Monday, December 15, 2008

Surviving Winter


Wow, Blogger is allowing high resolution uploads again! I was starting to lose hope and thought I would just give it one more try before bedtime using Firefox instead of Safari.

I've lived in Alaska for over 20 years, mostly in places where the days get a lot shorter than they do in Unalaska, and I think everyone is affected to some extent by the lack of daylight in the winter. With long work hours and few days off, the only daylight I see sometimes is through the window and briefly at lunchtime. It can be tempting to go into "cave mode" in the winter, but those that resist and get outside know that all those favorite summer hikes and activities are still there and waiting. Here are a few keys for staying sane in the winter:

1. Embrace the weather in all its fury. Our temperatures out here don't get low enough to create truly deadly wind chill - and the old adage there is "no bad weather, just bad gear" certainly applies. Walk on the beach and watch the angry Bering Sea and be grateful you have a warm house and hot cocoa to return to after your walk.

2. Be flexible. When Chico and I walked up the backside of Bunker Hill last Friday and I took the above photos, I had completely different ideas of the pictures I wanted to take - it was the biggest full moon of the year, and I was hoping to be able to see it shining over Illiuliuk Bay from the top of the hill. What actually happened was a snow flurry came in as we walked to the top and pretty much blocked any hope of seeing much of anything - but it was still a great dog walk, just not like I planned.

3. Don't be afraid of the dark. With the landscape covered in snow (until the latest melt-off over the last few days) it is never truly dark. For me, the bottom photo lit only by the lights from Unisea and the Small Boat Harbor far below with a 1/8 second exposure is much more visually interesting than using a flash to try to banish the darkness.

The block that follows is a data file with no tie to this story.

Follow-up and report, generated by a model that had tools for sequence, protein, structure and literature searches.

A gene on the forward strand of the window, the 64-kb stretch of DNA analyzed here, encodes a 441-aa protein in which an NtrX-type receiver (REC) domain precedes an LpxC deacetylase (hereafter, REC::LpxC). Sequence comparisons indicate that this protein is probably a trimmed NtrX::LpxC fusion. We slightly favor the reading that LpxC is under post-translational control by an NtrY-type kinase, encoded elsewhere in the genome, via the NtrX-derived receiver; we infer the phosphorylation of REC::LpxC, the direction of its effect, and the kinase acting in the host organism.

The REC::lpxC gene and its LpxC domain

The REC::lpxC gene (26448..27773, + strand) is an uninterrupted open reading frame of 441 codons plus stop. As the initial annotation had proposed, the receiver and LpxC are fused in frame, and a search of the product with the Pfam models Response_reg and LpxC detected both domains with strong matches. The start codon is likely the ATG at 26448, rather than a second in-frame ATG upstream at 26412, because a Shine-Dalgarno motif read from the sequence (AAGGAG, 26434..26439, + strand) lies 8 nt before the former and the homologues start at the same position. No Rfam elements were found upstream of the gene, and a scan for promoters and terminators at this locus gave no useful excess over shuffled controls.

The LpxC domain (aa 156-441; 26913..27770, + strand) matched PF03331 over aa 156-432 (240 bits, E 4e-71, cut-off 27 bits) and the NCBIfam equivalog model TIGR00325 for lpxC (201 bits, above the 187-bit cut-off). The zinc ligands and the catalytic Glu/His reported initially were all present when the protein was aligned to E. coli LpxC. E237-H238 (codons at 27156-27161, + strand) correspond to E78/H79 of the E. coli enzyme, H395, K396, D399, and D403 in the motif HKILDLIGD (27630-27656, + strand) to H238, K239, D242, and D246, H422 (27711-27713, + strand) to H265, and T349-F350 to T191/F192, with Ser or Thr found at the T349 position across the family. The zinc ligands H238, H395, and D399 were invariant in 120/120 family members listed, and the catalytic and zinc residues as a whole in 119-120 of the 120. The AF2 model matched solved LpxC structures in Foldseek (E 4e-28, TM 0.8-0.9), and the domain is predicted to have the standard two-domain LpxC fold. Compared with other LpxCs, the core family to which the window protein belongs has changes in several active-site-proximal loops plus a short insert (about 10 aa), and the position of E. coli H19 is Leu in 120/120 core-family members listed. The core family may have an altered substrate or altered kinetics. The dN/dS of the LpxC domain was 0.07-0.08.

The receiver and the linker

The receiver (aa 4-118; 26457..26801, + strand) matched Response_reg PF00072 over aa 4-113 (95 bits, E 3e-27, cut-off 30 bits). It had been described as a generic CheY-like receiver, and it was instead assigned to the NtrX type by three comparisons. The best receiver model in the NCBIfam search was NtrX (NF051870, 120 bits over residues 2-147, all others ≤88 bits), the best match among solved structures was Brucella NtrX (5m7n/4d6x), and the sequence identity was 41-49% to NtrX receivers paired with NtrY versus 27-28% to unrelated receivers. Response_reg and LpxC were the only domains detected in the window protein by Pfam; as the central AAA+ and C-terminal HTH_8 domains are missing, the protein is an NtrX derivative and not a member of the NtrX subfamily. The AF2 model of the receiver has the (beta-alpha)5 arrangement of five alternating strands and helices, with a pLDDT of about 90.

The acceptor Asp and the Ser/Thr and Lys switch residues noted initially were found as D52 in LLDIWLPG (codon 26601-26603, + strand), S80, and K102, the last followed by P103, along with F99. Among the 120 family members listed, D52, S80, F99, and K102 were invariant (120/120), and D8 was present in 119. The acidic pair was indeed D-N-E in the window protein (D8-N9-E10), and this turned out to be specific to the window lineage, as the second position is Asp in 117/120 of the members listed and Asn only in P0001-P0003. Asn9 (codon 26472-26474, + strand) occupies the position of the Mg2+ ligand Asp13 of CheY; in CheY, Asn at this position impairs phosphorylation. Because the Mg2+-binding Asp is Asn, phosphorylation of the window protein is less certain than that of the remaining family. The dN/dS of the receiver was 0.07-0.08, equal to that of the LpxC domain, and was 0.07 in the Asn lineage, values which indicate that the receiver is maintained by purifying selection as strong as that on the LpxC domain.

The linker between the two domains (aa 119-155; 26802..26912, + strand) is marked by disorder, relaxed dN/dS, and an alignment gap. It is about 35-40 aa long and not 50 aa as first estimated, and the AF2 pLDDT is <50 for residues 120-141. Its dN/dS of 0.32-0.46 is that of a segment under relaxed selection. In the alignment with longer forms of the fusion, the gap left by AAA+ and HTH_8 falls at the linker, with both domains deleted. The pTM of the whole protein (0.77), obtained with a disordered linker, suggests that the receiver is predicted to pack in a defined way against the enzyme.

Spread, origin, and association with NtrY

4. Try things you can only do in winter. Goldfish and I love snowshoeing and we're looking forward to when we can get some snow that sticks around for awhile. There is also sledding and skiing at the Bowl, bird watching for those species that only winter in the Aleutians, and watching that most exotic temporary resident of all - the Bering Sea crab fleet with their DC circus in tow.

Cheers and happy holidays!

14 comments:

Lori said...

Wow, what a great picture! Love the siloutte of Chico. I enjoyed your words of wisdom this morning and only hope that someday I may experience the peace you find in all that surrounds you.

Ang said...

Great pictures! I love the bottom of one of Chico.

Suzassippi said...

Beautiful pictures. You seem to have mastered the philosophy of "choose what you got."

Kathy said...

Isn't it funny what you first notice when you look at a picture? The top one drew me in with a feeling of warmth coming from the town below and from Chico, standing watch above. The last thing I noticed was the light from the flash. Go figure. Thanks for sharing!

Lothian said...